woman in a red coat


Meet Willow May, an autistic woman who volunteers with the Highland service delivering talks about autism to parent groups, schools, librarians and many more…

What is you role as a volunteer at the National Autistic Society?

I go to primary and secondary schools and all different types of businesses to deliver autism awareness training, to educate people about what autism is, and what it’s like to be autistic. I also use the sessions for discussion, answering questions and making suggestions on how to support autistic people.

What is your motivation for volunteering?

I was diagnosed at 38 years old. Very late. My daughter was diagnosed late also, she was in secondary school. I gave up work due to the pressures upon me and my very poor mental health. After diagnosis I began to learn about my own autism, and proceeded to become mentally well, the National Autistic Society were very helpful to me and my family during this time.

Once I became well, it became my passion to debunk the very many myths about autism, spread autism awareness so more people get diagnosed earlier and to use my own experiences before and after diagnosis as a tool to help other autistic people in the community.

Compared to many other disabilities, I’ve noticed autism understanding is way behind. This is not acceptable. There is a lot of pressure for us to fit into a society that by its very nature is excluding in many ways. So in my very small way, I am thoroughly enjoying supporting the National Autistic Society’s work to change this!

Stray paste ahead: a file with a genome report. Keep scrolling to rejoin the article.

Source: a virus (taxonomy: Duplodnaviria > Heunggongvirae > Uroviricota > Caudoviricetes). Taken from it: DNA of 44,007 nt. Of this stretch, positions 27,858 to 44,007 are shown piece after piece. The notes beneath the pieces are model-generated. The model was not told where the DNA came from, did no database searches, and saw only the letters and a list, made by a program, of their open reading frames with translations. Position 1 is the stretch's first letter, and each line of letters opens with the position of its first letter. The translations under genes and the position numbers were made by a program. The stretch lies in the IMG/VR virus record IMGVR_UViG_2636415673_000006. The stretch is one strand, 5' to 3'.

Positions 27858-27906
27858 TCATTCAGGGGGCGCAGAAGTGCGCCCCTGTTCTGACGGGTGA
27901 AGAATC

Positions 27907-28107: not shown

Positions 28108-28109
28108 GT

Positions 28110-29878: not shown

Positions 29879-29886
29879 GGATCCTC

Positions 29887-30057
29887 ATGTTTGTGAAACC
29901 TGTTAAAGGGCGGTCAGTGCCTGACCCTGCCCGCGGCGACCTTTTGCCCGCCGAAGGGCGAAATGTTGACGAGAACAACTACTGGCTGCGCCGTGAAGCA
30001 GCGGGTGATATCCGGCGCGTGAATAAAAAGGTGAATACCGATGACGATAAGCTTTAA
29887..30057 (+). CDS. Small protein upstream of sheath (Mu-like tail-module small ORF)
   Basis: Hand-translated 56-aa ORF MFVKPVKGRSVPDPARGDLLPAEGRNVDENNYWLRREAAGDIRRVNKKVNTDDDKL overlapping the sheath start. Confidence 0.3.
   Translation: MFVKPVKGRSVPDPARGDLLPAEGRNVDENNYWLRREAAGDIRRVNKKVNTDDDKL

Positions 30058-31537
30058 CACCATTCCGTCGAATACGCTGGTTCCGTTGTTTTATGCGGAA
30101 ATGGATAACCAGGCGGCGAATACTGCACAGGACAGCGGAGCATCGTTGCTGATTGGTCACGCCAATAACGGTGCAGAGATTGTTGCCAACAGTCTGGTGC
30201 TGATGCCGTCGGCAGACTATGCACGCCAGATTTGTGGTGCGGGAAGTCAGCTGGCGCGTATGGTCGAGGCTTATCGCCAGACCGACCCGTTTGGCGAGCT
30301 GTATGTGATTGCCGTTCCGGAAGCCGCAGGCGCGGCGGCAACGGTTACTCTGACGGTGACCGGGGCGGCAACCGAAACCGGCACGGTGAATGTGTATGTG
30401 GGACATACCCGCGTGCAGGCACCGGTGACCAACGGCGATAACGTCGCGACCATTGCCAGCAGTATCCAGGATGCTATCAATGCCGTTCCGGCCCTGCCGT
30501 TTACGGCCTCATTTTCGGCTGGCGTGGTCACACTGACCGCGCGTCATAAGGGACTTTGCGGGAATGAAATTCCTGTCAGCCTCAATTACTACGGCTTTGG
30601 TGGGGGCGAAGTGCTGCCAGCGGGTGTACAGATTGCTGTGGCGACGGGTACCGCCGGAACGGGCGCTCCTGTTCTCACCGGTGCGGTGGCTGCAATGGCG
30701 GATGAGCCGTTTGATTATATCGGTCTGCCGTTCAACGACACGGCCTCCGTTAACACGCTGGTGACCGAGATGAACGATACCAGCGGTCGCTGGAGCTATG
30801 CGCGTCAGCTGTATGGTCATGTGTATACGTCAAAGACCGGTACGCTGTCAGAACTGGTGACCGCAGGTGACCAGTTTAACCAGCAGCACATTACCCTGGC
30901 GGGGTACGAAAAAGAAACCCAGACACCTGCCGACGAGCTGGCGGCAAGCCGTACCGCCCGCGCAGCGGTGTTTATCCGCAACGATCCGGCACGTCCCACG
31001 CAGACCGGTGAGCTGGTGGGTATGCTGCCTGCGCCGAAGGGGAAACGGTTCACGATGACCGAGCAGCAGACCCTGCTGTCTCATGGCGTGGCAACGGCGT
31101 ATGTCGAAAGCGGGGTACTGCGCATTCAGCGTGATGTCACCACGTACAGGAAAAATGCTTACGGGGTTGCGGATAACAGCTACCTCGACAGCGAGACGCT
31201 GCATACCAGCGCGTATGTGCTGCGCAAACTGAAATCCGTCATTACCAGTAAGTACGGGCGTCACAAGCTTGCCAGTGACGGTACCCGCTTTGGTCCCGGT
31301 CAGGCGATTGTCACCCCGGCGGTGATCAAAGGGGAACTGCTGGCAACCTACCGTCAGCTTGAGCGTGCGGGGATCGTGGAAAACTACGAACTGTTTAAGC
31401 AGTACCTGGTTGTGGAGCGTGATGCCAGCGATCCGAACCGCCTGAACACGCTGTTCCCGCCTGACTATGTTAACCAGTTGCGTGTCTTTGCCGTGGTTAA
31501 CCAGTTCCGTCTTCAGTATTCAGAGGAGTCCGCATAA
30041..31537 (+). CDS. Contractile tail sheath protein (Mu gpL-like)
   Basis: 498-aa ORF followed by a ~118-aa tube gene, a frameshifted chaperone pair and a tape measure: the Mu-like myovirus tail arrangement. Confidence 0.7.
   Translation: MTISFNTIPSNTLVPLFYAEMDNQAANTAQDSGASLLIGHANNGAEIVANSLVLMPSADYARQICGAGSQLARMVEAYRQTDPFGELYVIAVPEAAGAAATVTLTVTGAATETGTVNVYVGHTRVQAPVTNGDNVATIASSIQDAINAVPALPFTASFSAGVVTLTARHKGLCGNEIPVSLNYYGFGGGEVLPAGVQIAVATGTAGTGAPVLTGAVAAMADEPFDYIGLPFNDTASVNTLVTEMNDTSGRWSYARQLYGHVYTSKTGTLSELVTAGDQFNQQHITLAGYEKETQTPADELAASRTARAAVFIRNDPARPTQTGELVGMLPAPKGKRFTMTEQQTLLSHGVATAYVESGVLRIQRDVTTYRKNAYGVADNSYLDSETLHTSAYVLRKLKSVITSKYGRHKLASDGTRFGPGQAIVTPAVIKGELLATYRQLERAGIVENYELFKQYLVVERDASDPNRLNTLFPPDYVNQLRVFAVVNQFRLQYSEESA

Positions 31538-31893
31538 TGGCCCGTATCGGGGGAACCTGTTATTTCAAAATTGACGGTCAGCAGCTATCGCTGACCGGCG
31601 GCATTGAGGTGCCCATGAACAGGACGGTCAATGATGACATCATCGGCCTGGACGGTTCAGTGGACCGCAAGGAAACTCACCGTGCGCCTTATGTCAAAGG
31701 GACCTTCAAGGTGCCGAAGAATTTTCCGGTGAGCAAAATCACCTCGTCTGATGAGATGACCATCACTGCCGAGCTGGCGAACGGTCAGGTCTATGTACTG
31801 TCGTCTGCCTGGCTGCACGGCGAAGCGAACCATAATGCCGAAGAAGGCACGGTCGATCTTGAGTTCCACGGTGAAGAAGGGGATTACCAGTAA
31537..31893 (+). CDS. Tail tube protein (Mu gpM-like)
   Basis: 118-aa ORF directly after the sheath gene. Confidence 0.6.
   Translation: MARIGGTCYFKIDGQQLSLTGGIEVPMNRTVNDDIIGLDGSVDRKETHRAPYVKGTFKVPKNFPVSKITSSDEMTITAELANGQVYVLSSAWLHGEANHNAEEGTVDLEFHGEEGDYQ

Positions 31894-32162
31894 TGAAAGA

What do you like about volunteering?

I do not plan to go back into paid work due to the strain it puts on my mental health. But I still feel passionate about contributing to society as I have a lot to give.

However, the absolute beauty of volunteer work is that I can pick and choose what I do depending on what I feel I can manage. This has led to a better quality of life for me in a long time. Volunteering for the National Autistic Society gives me so much satisfaction. I’ve a wonderful new sense of purpose to be doing something so worthwhile and of course my self-esteem and confidence has improved massively.

What has been your most enjoyable moment volunteering?

I love how everyone involved in the sessions I deliver are so motivated to learn about autism and how to support their autistic customers/pupils/children. I love receiving the comments at the end especially when the feedback is that they learnt so much about autism and now feel more empowered to support autistic individuals. That makes me feel so happy I can’t tell you!

Also the positive impact my volunteering is having in the community… for example, having my hand shaken and being told that my training was life changing. Someone saying they’ve changed the way they work with autistic people due to new understanding and being told that my session was the most worthwhile training they’ve had at their school in years is amazing.

Do you have any funny stories about volunteering?

At times, I’m distracted and put off temporarily by a noise, the temperature or smell for example during my talk delivery. I laugh about it and explain after the noise has stopped, the windows are opened or we move to another room – that here is an excellent example of my sensory issues! It’s light-hearted and amusing, and it really gets the message across!

Would you recommend volunteering to people you know?

I couldn’t recommend volunteering enough! I’ve volunteered for many organisations since childhood but only with the National Autistic Society recently.

All my experiences, both positive and negative as an autistic woman, can be used to contribute to change in society. If that’s not enough, well it’s thoroughly enjoyable, totally empowering and it’s worked wonders for my self-confidence.